McDonagh portrays all of this with witty and supercilious dialogue which erupts like verbal explosive diarrhea whenever a character is able to "take a shot" at Fr. James or at each other.
They are people who engage in lewd sexual conduct (none, by the way, shown in the movie) brought out in their "informal" confessions to Fr. James. They are a lonely, in some cases, suicidal people content with sharing their lives out in the open seemingly to have no regrets. They consist of an apathetic doctor too familiar with death ("Well, if you'll excuse me, Father, I have to go kill someone - Dr. Frank Harte); they are troubled, suicidal young people who can't seem to get their lives together; they are a millionaire mess of a man who takes a whiz on a treasured piece of art, a butcher whose wife has sexual encounters with many men in the town; they are an alter boy who steals drinks of altar wine from the priests; they are a bar owner who is about to lose his business due to foreclosure; they are a male prostitute who takes huge delight in "teasing" Father James; they are a father who scolds his daughter for even speaking with a priest outside of the church sanctuary.
They are all of us jammed into single personalities forced to coexist in a small town surrounded by beauty and vastness of the hills and sea.
And, most importantly, they are a man who was abused as a child by a priest who now feels a need to make a public statement pertaining to the guilt he has carried with him all of his life (and we do not know this person until the very last scene). "What good would it do to kill a bad priest? It's much more of a statement to kill an innocent priest."
As Capone in "Ain't It Cool News" writes
"... CALVARY has a little something uplifting for all of us, with its incredible cast that includes Chris O’Dowd, Kelly Reilly, Dylan Moran, Aidan Gillen, M. Emmet Walsh and many others, under the guidance of writer-director John Michael McDonagh (THE GUARD, also starring Gleeson), brother of award-winning playwright and filmmaker Martin McDonagh (IN BRUGES, SEVEN PSYCHOPATHS).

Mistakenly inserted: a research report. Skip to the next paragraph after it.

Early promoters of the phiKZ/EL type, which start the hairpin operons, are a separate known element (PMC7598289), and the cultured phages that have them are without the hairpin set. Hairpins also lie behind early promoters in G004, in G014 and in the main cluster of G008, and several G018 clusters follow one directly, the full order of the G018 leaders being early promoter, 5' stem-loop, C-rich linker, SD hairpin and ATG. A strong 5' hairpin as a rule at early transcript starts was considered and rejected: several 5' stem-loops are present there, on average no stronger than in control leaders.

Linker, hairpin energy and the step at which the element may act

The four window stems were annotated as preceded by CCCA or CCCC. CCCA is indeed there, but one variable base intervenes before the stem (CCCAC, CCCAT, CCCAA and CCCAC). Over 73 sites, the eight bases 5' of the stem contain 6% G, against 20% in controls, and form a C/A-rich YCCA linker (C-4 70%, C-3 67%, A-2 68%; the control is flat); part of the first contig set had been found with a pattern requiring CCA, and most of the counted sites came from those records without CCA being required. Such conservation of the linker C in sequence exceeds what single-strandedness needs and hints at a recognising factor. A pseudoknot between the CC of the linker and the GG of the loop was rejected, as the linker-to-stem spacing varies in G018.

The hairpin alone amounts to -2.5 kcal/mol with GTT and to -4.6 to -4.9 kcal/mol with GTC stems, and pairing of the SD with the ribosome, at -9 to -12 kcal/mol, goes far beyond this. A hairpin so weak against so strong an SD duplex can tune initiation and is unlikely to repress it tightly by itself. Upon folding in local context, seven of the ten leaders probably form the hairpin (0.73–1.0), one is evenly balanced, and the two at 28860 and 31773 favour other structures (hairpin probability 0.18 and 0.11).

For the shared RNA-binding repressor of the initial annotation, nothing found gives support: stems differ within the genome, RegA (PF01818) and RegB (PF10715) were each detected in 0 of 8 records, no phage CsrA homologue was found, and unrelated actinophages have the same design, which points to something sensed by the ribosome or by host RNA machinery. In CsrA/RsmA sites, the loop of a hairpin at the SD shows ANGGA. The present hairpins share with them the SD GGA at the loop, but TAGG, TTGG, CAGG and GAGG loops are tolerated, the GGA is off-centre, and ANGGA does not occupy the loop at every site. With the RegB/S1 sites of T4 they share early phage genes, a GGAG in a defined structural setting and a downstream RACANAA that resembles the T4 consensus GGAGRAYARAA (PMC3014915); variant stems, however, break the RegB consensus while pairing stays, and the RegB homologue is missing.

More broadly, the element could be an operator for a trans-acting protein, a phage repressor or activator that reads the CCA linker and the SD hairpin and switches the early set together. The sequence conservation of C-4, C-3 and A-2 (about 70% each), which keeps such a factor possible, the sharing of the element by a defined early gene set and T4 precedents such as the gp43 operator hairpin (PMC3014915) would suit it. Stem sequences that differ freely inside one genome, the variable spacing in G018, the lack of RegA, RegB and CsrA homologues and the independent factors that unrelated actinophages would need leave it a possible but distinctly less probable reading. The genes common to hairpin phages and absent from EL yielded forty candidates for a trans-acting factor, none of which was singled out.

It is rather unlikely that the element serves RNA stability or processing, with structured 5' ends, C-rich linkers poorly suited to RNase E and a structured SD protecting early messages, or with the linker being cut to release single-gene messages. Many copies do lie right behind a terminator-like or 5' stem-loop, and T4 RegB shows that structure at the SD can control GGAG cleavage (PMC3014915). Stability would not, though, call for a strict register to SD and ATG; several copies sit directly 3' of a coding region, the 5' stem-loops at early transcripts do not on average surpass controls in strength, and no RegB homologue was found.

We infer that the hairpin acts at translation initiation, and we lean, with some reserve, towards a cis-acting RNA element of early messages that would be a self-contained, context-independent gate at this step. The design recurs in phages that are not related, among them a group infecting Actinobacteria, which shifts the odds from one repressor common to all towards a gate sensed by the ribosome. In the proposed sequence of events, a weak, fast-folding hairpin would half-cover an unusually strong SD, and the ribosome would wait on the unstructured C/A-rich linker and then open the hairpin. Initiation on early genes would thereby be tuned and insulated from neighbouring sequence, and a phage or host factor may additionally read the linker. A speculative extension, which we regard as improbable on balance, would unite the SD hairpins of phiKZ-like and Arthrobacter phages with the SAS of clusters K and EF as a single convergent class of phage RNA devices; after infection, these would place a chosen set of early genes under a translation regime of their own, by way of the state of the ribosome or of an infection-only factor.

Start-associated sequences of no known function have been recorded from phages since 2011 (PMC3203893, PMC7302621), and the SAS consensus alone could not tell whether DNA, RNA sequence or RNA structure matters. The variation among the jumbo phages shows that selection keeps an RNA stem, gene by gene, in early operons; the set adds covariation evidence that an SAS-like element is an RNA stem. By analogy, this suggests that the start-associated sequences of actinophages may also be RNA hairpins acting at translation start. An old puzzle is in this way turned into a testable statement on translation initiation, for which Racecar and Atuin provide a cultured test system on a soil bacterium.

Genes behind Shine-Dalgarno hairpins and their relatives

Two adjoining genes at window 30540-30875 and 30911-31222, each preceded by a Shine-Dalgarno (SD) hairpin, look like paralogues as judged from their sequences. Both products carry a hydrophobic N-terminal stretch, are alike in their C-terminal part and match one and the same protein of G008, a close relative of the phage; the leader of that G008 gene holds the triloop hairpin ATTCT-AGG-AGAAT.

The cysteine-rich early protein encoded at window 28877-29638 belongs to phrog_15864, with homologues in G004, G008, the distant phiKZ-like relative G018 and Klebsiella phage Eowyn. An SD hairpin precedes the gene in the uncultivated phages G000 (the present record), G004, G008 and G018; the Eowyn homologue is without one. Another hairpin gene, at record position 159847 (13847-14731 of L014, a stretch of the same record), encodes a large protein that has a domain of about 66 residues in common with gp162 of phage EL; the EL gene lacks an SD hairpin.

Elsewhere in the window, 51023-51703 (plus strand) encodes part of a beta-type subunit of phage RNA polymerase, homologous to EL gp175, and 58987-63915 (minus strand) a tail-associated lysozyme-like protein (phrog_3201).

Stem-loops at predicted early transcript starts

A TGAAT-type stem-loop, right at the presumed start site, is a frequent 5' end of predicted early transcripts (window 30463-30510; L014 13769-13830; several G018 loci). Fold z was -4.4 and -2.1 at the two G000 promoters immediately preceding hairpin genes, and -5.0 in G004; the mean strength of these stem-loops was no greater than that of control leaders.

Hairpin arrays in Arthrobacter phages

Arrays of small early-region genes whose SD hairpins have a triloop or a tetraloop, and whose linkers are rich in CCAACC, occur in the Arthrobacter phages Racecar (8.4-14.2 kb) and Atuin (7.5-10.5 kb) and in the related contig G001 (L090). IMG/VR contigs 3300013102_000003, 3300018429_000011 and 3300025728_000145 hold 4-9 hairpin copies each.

"(It) is easily among Gleeson’s best performances, and I think the dark heart of this film is in many ways countered by his Father James being the only truly good man in the community, and even he has some weighty issues to contend with, not least among them is his possible untimely death. I sat down with the pair last week in Chicago and had a grand time picking their brain about the film’s sly literary references, the death of religion and the grain of hope in this rather bleak but brilliant film. But before we dive into the movie discussion, Gleeson talks about a painful incident that happened to him that very morning—one that will likely impact him for the rest of his life. "
Movies are meant mostly to entertain, to be used as an escape into another world that doesn't touch our own, a chance to laugh, to cry, to chuckle, to flinch - basically to allow us to pour out all of those emotions built up during out busy lives and very busy, messy days. We go to theaters (cinema and stage) to unwind and to recreate.
However, as was the case with Greek and Roman tragedies, and Shakespearean tragedies, for that matter, the author, playwright, story-teller uses Aristotle's understanding of CATHARSIS as a way to cleanse, to heal, to wake the audience up, to teach a lesson, if one is looking to learn. We remember our English teachers telling us stories about the "penny-stinkers" or "groundlings" as they were referred to during Shakespeare's time - those who frequented the theatres who were too poor to sit in the expensive seats. When these common folks attended tragedies, villain beware! Villains were often pelted by pieces of fruit or vegetables (or worse) when the audience disagreed with them. Audience participation was crucial to achieving real catharsis - to create passion toward the characters.
The same is true today. Audiences increasingly are looking for that message, that light, that hope, that presentation of feelings that are held tightly inside them with a chance to release this anxiety or to express their joy. Now more than ever, I suppose.
Often great joy is received through the saddest of sorrows. Often times, movie and theater-goers just want to be entertained. Nothing is wrong with watching and laughing along with the antics in a movie such as The Hangover, Bridesmaids, or other laughingly silly movies such as these (think any movie directed by Judd Apatow).
Humorous plots. Excellent actors. Silly. Cathartic, but in a different way.